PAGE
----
Lake County examiner. (Lakeview, Lake County, Or.) 1880-1915, November 07, 1912, Image 5

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    "Wo Soil Tho Real Earth"
Lakeview : Oregon
Moro Bargain
130.00 pr acre for a acre of timber land, clone io, easy term.
$T(HH).Oi For a lino tiovv '.O-riMPiii In hi ii' with lurn lot, 7.xlZi, clow- to center of
tunn nnil Uluti Hchool. F.nmy term.
I'.'OOO.uO Fur II-room new liiinuulo w, itn iUul iipiodittu home, cUmm U center of
town oa Hernnril Hlrct. Knay Inning
Tiu-aut Kola oil Hlimll Htrmit nt a liittfiilh. '
1 1. ICO. IK) t or a now 4 room tiouxn und wood ahed, lot f0 i 125, K'"'l locution.
KuKjr tt-ruiH.
l(MM).IM) Fr mi up-to-iliitu new litintfulo, In choice rcMlilinnt part of the ilty.
IChmv torma.
iz.du r or ;rzo arrpa (rood anil In the VAlley 6 mllea from Lakeview. If
want m. don't tiaa thla Tuimi ah
Haw tulll In flrat clnaa order, lnclndln a large quantity of dry, finished lomber;
saw log aol ISO acre of standing timber. The hooka will prove It to
lie a floe inventim-nt.
K0 acra of floe tlmer on the Went Side, clowe to a aaw mill,
f 1 (XI per acre for 160 scree of valley land all In meadow joining the O. V. L.
Addition to Lkivl"w. A good investment
200 acre joining tho O. V. L. Addition to Lakeview. Fine for cutting op Into
awall tract A bargain at only 130.00 per aore.
Town Property
lahc County ramtncr
Kalnler made Lakeview fauiouK.
lndit atiitt ni at Lnkevle Mi r-
CMUtilf I'll.
Frank RoggcrB, of I'luah, la In Lake
view thla week.
Mrs. J. I'. Krlaay Saturday register
ed at Hotel Lakeview from Paisley.
Children white drc', slsmt 2 to
A year. I.ak.-vlfw Mercautllo Co.
Will tirlael and fatnilv of the Mud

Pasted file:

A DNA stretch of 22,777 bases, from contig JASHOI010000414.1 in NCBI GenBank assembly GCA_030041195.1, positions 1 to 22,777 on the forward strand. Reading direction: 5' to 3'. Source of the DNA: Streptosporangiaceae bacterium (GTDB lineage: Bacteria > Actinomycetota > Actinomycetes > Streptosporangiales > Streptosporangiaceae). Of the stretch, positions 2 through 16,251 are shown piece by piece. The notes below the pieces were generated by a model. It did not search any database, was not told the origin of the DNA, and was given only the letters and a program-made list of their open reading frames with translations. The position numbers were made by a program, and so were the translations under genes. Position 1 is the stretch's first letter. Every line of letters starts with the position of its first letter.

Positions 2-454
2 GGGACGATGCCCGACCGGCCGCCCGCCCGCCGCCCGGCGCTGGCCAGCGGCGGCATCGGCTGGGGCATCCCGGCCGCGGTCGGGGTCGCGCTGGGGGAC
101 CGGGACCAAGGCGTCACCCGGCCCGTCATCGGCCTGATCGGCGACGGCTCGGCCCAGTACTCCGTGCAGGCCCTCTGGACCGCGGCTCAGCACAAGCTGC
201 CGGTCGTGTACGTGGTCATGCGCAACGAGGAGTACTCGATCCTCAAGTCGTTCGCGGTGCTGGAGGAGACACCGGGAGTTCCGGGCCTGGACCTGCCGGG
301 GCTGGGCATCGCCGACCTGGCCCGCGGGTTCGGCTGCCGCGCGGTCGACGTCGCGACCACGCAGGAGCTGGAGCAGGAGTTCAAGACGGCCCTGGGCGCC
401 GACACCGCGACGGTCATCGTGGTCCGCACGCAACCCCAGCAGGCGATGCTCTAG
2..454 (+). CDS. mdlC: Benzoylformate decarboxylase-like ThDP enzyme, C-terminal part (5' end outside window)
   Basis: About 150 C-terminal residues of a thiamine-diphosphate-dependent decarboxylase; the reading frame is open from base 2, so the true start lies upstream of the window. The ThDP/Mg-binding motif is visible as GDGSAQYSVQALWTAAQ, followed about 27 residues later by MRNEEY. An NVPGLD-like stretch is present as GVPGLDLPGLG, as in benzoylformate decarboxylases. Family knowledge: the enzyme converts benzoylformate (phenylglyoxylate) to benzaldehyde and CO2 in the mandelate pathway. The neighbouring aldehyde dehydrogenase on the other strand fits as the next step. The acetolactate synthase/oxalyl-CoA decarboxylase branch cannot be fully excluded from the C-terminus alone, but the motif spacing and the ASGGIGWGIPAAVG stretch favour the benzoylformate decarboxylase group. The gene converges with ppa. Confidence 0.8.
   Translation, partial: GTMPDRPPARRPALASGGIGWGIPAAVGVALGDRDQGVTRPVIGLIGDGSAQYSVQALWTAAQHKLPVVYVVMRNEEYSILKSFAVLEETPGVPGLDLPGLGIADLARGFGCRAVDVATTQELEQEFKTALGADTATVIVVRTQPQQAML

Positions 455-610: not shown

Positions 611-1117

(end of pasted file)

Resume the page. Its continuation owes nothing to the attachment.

Croek atation came over to Lakeview
the IVrnt of the week.
A divorce auit waa tma week Med by
Attorney W. Lair Thompoon In the rase
ot Keltay va. KcUay, both of I'ataley.
Walt. rU. I'aiton will .cave in a
few day with Mre. t'exton for San
Franclaro where ahe will entur a hos
pital. laiiac Kceleston Saturday came up
from hia ranch in the valley and joined
the Oddfellowa in the funeral preccs
aion of 0. U. Snider.
A marriage licenae waa laat week
isaued at tho County Clerk' oflico to
Lawrence Trlirel and tJrare L. Oat
man, of Silver Lake.
S. J. Hlaha, clerk at the local N.-C.-O
depot haa gone to Pavle Creek
for few weeke to relieve Agent W.
S. Sandron at that place.
. II. Wheeler, nhrepman of Keno,
apent a few daya in Lakeview laat
week looking over condition of the lo
cal ahecp market, with a view to buy
ing. Uv defeating Lo Angeles laat week
in two game in San Francisco, the
Oakland Tlgera won the pennant In the
1'aclHc Coaat League for the aeaaon cf
Dave Clelanri and family came over
from I'luah lant week to be In attend
ance during the lllneaa and death of
Mr a. Cleland. Mr. Cleland ia a aon of
the duoeaiwd lady.
The chicken dinner Riven Tueaday by
tle Ladiea Aid of the M. K. church at
the L.C.l.C. room waa well patronued,
and the enterprising ladie realized
atiout 0 tat their work.
K. R. Willi, of KlamHth Fulla, came
over last week to bo prevent at the
trial in the circuit court ot the caae of
the ltichard Willi Furniture Co..
axainet the llwrticulture Fire Relief of
That Oregon ia eomewhat of wool
Htate I ahown by the fact that one
sheep produced a fleece of 6-inch staple
wool weighing 28 pounos. worth almost
S8.G0. Thla fleece waa grown In Mor
row County and haa been chipped back
to the Eastern land shows a one part
of Oregon' exhibit.
Mr. F. W. Payne received tho newa
that her aister, Mia Nell Simpson,
formerly of Lakeview, and Fred. Her
mer, an electrician were married Tuea
day, November 5, in Klamath Falls.